It begins with stripping

French Eclectic Dormer

Being all fired up about the progress that is to be had this summer I decided to start scraping paint off of the dormers. Start at the top and work my way down, if you will. That and the slate people were offering to give me some pointers as to how to be up on my roof and how to use jacks properly to allow me to paint the top part—not something I was willing to pass up. How often do you get the chance to have tips given by professional slate people? There aren’t that many of them around these days. . .

Slate tile, dormer

So let’s start with the stripper, shall we? Note: This is a house blog, I assume we’re all aware that “stripper” is how we (as house bloggers) refer to chemical paint remover, paint stripper, etc. It just allows us to spit out the word much quicker than constantly saying “chemical paint stripper.” Glad you’re with me on that. In knowing my own habits… I take precautions and all, but the likelihood of my accidental swiping away a hair or wiping my hands on my work pants is pretty high and in previous experiences with highly toxic chemical strippers I’ve found, inevitably, I’ll do something that causes me more pain than I care to repeat. After a plethora of online reviews, plus my own notes about various strippers used indoors, I opted to try Soy-Gel paint stripper.

soy-gel paint stripper

It helped that Amazon Prime had the ability to ship it to me and have it on my doorstep a few hours after I ordered it (seriously, same day shipping is dangerously easy). Since it’s claim to fame is how environmentally-kind it is and it’s so safe you can technically work without gloves I really, really wanted it to work.

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I started chipping off the loose paint and managed to do admirably on the parts that had heavy sun exposure. To those areas that didn’t see direct sunlight – those were prime candidates for having a little soy-gel slathered on.

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As promised, the friendly-stripper did remove layers of paint. Granted, it didn’t remove them all at once. Nor did it do it quickly. I smeared on at least 1/4 an inch of goop, covered it with plastic, and let it sit for variations of time to test. For my, most definitely lead based oil paint, two hours was really the minimum. Sadly, it isn’t a miracle worker. I always try a product hoping that this, THIS will finally solve my paint problems…. but alas. It’s still tedious.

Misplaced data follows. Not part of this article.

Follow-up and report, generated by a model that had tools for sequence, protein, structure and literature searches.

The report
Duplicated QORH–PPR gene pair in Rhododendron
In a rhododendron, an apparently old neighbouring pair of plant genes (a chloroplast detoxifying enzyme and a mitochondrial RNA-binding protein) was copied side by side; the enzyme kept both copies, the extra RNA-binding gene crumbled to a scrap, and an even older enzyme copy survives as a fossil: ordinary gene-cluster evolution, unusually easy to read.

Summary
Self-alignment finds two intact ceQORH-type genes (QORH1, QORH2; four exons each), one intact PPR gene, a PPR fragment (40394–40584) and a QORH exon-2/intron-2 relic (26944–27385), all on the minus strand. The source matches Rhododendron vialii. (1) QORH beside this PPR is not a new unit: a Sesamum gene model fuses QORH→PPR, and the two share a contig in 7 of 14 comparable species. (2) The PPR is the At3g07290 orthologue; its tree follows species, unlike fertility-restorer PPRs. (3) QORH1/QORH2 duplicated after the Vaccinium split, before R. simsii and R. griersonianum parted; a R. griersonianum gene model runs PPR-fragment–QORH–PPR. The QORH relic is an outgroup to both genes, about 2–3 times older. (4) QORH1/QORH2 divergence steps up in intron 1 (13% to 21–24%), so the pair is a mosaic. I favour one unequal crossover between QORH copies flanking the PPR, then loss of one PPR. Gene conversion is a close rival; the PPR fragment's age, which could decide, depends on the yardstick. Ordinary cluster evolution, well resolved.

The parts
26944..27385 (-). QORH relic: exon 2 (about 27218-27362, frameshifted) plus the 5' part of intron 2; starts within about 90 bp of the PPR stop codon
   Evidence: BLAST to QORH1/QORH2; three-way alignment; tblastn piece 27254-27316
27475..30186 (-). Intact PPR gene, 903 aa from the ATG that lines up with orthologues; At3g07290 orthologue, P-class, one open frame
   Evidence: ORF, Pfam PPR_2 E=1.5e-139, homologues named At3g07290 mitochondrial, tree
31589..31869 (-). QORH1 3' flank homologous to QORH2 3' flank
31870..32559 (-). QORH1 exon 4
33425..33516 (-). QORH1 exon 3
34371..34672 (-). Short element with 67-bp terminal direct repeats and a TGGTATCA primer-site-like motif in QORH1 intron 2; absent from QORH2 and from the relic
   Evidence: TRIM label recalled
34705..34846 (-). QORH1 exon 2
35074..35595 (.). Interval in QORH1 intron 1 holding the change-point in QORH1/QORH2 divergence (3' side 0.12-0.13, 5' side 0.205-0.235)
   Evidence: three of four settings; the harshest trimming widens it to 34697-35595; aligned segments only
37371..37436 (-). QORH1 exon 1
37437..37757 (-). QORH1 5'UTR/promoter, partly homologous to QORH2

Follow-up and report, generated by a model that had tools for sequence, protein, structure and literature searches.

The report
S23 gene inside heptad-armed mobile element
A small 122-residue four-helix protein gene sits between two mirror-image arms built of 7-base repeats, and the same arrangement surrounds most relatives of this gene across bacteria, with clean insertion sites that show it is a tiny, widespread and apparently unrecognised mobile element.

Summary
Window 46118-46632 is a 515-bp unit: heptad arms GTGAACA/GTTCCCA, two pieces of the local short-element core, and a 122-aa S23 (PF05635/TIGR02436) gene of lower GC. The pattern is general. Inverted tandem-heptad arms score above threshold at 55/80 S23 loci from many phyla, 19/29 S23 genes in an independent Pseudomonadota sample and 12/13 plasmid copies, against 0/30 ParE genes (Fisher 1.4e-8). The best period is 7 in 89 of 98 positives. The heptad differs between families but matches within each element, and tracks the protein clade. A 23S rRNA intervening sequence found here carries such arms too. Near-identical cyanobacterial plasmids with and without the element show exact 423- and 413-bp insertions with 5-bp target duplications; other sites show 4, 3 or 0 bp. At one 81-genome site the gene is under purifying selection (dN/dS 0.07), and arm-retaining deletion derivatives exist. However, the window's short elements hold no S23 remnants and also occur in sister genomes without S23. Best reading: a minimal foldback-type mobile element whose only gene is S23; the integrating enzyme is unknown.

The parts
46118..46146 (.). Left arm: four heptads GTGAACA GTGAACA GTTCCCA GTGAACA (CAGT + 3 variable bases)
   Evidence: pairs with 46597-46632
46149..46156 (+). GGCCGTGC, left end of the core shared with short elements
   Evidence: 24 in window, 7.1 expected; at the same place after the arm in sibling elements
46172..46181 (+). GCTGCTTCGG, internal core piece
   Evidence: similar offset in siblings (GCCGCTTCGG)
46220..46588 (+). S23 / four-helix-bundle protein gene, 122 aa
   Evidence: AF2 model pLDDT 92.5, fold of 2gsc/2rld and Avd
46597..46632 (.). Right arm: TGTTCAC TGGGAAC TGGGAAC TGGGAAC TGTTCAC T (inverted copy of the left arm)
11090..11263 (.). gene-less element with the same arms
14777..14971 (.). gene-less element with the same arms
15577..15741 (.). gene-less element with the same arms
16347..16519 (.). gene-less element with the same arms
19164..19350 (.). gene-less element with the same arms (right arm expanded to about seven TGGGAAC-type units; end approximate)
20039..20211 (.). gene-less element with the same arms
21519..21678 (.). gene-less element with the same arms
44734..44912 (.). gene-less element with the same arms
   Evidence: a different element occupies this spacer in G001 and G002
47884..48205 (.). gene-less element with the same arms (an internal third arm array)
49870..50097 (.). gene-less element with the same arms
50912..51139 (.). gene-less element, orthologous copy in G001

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Since I had to wait for the stripper to work, I give you some views of our dormers and attic that are rarely seen (even by us).

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Processed with VSCOcam with b1 preset

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I would probably enjoy it better up here if it weren’t for the spiders. They freak me out. Being roped to the chimney and hanging out the dormer window—totally not a problem…. but those creepy arachnids? Ugh, such a problem.

And yes, safety first. I am wearing a roofers harness, respirator (lead paint), sun glasses (they serve as goggles), and a bandana – for keeping bugs out of my hair.

While I’m up here, the husband is being the urban farmer and putting in our garden.

urban gardner

And Zeus is promptly eating as much fresh dirt and compost as he can without being caught in the act. . .

Doberman eating dirt

 

The Copper paint for the dormers and the slate people should all be here soon. At which point, things will REALLY start to get moving.

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